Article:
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Quick Play: A round-up of July 2011 album releases

We've listed albums in order of star rating. Best first.

Reviews by Jason Ritchie and Pete Whalley

SUZI QUATRO In The Spotlight (Cherry Red)

Suzi Quatro's first new album since 2006's 'Back To The Drive' and it sees Mike Chapman back producing the whole album (as well as writing four songs on the album). Chapman was her producer in the 70's when she had her biggest success.

As you'd expect with Mike Chapman back at the helm the music has a 70's classic rock feel. The Goldfrapp cover 'Strict Machine' has a classic Suzi Quatro backbeat and the song bears an uncanny resemblance to 'Can The Can'. You can compare for yourself as a snippet of 'Can The Can' features towards the end of the song. Another modern cover is 'Breakin' Dishes', a hit for Rhianna. The original was awful but this version is saved by Suzi Quatro's vocals.

Not so keen on the cod reggae of 'Hurt With You' and it feels out of place with the rest of the album. Luckily a rocker like 'Hot Kiss' more than makes up for this song. 'Turn Into You' is an instant hit on the ears and her tribute to Elvis, 'Singing With Angels' rounds the album off in style.

She may be old enough to qualify for a free bus pass but Suzi Quatro still knows how to rock. Good choice of a couple of recent chart hit covers that she makes her own. Her fans will love this album that's for sure. ***½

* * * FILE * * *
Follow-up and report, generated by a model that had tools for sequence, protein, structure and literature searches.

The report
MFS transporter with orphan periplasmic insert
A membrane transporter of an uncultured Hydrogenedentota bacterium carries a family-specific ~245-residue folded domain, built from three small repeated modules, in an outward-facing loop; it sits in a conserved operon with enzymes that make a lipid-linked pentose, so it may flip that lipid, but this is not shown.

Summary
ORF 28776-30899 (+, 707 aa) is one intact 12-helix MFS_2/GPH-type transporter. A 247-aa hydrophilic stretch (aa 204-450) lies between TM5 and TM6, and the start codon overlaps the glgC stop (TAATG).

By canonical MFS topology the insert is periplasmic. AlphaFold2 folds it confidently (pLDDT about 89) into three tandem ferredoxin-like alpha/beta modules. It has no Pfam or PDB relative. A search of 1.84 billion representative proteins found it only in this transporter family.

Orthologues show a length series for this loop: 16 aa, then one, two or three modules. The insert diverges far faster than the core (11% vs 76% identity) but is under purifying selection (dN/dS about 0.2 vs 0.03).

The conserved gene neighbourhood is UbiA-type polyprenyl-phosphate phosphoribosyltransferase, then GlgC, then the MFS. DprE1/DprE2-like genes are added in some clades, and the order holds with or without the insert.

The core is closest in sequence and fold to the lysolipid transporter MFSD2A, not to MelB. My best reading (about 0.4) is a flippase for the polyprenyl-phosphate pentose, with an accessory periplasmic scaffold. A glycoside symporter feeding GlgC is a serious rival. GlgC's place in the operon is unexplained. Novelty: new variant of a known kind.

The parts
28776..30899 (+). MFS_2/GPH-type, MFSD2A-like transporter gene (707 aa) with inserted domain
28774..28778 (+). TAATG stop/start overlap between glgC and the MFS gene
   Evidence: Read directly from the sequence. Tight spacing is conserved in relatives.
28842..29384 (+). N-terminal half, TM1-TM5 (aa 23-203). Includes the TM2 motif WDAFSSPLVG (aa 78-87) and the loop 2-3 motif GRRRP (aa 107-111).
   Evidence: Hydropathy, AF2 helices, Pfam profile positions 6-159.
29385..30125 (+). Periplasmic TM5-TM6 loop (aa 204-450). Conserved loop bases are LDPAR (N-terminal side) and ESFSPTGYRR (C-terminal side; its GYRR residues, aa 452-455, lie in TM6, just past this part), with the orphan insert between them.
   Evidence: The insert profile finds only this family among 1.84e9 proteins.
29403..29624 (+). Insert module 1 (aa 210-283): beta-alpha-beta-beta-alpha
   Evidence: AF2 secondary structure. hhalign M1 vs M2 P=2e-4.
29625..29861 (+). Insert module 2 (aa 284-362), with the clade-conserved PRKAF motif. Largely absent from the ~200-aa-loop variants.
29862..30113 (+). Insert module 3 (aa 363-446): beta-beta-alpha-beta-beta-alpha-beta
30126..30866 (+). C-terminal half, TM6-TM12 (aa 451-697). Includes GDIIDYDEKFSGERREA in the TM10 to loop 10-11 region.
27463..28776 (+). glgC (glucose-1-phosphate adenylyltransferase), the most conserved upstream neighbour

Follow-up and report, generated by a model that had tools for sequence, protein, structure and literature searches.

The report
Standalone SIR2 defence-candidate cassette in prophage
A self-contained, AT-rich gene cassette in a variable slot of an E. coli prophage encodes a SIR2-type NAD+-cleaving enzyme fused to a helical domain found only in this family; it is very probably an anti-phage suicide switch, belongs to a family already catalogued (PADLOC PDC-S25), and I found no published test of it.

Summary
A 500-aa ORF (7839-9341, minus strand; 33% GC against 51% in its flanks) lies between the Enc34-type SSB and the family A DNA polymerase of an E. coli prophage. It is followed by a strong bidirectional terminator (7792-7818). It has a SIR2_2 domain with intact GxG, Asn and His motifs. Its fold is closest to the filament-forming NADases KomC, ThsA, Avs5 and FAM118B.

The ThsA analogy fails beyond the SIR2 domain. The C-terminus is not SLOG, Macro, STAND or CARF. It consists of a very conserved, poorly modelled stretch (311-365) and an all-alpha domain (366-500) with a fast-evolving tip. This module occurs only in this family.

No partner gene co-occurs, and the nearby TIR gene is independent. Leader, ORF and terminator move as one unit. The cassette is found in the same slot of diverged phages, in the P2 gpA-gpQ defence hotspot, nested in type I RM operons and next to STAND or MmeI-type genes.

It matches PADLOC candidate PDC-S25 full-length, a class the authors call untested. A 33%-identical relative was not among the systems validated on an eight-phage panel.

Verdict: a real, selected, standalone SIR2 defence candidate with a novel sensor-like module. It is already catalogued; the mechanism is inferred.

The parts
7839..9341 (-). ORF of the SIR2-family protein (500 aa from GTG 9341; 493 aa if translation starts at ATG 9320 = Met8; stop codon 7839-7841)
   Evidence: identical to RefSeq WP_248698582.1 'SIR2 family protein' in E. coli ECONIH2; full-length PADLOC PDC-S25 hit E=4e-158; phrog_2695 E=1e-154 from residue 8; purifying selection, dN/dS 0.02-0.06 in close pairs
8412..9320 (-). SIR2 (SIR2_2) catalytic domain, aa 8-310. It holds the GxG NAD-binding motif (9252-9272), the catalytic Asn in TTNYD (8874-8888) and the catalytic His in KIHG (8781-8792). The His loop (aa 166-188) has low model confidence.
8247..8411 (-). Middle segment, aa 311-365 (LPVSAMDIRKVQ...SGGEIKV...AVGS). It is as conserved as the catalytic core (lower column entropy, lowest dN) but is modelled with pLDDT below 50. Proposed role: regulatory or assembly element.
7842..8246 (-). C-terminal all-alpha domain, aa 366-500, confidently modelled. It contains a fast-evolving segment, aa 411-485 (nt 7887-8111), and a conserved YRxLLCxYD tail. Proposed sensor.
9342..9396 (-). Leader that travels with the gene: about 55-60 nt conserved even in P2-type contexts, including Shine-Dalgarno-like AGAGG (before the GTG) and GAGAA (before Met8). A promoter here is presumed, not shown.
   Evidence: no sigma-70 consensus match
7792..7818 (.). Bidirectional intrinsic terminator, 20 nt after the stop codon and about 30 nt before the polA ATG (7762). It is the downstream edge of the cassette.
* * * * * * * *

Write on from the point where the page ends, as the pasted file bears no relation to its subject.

Review by Jason Ritchie

TOM FULLER BAND Ask (Red Cap Records)

The third album from the Chicago based Tom Fuller Band is a pretty contagious affair.

Produced by Rick Chudacoff (Alison Krauss, Smokey Robinson) and mixed by Cenzo Townsend and Dave Bascombe (U2, Bon Jovi, Kaiser Chiefs) it's a difficult one to pigeon hole. But it's undeniably radio friendly and packed with hooks that will be with you all day long.

There's echoes of many of the greats - The Beatles, Tom Petty, James Taylor, Alice Cooper, and Brian May to name but a few. An unlikely combination you might think, but with plenty of jangly guitars, gravely vocals and some great chorus lines it's the stuff of American rock radio.

Neither of the band's previous albums - Chasing An Illusion (2005) and Abstract Man (2009) seem to have made much of a splash on either side of the pond, although they have played shows with Blue Oyster Cult, Robin Trower, UFO and Guess Who.

Ask, could just be the album to change the The Tom Fuller band's fortunes. ***½

Review by Pete Whalley

VARIOUS Transformers Dark Of The Moon - The Album

No serious blockbuster movie is complete without a soundtrack packed with artists that will not only enhance the widescreen experience, but also serve to underpin the wider marketing machine designed to exploit every last penny from the unsuspecting public.

In terms of franchises, the Transformers movie series is proving to be a regular money spinner, so the 'soundtrack' to Dark Of The Moon, the third in the series, includes contributions from major headlining acts like Linkin' Park, and My Chemical Romance. And two bands - Paramore and Goo Goo Dolls - have gone so far as to use it as a vehicle to debut brand new material.

In the case of Paramore it's their new single Monster - the band's first since The Only Exception from their breakthrough, platinum certified, third album Brand New Eyes, while the Goo Goo Dolls All That You Are represents their first release since last year's Something For The Rest Of Us.